||The Father of Financial Futures
As a professor on sabbatical from the University of California, Berkeley in the 1970s, Sandor became the chief economist and vice president of the Chicago Board of Trade (CBOT). At the CBOT, Sandor not only pioneered the first interest rate futures contract, but the most widely traded and imitated interest-rate futures in the world, the Treasury bond futures contract. This revolutionized the field of finance and earned him the title of "father of financial futures." Sandor originally coined the term "derivatives" to describe the futures and options contracts that were traded on the Chicago exchanges. Its definition was subsequently expanded to include not only regulated products on futures transactions, but any customized product traded off the exchange, i.e. bilateral OTC transactions. Sandor was honored by the CBOT and the City of Chicago in 1992 for the creation of financial futures.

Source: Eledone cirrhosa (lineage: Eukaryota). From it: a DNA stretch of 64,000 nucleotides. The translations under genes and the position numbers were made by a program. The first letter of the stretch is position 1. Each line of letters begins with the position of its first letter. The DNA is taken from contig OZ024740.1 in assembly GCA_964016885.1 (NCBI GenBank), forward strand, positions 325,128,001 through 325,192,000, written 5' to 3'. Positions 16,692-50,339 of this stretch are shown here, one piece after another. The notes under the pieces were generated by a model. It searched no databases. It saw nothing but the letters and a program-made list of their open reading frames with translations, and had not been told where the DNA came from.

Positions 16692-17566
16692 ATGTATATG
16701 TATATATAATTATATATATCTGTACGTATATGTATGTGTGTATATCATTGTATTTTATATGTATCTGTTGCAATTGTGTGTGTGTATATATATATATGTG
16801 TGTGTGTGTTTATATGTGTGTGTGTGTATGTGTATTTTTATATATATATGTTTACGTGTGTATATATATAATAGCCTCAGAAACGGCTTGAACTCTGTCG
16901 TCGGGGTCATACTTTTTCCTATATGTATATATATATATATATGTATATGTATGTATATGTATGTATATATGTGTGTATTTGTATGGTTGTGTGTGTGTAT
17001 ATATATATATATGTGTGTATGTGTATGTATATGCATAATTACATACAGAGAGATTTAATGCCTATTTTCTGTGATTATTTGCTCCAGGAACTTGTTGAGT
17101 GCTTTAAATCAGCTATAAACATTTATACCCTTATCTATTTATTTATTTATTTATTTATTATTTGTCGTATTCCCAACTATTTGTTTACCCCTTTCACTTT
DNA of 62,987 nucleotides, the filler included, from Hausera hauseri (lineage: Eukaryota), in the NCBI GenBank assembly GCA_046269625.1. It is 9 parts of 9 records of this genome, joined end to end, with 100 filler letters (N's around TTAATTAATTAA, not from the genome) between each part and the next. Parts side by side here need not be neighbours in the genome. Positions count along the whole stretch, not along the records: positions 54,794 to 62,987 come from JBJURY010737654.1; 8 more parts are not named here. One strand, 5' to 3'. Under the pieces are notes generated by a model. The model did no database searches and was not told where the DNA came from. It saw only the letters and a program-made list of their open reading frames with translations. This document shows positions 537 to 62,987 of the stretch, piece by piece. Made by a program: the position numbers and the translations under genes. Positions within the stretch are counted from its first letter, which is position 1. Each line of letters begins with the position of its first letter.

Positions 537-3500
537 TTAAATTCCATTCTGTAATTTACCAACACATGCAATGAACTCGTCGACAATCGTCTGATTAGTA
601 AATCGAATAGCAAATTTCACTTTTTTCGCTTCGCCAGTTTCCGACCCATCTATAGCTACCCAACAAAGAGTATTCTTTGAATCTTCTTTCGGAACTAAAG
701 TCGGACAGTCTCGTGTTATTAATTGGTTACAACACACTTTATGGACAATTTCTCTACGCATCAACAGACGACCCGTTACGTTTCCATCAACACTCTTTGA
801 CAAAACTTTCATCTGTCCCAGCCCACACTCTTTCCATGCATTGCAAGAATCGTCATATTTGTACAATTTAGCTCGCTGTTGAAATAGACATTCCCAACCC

Sandor was also a strong proponent of electronic trading at a time when most exchanges favored open-outcry. In fact, he had presented the case and designed the platform for electronic trading as early as 1970 – even before the concept of electronic trading was patented. At Berkeley, he was the project leader of the California Commodity Research Project (CCARP), which looked at the feasibility of establishing a for-profit, all-electronic exchange in at the time when none existed.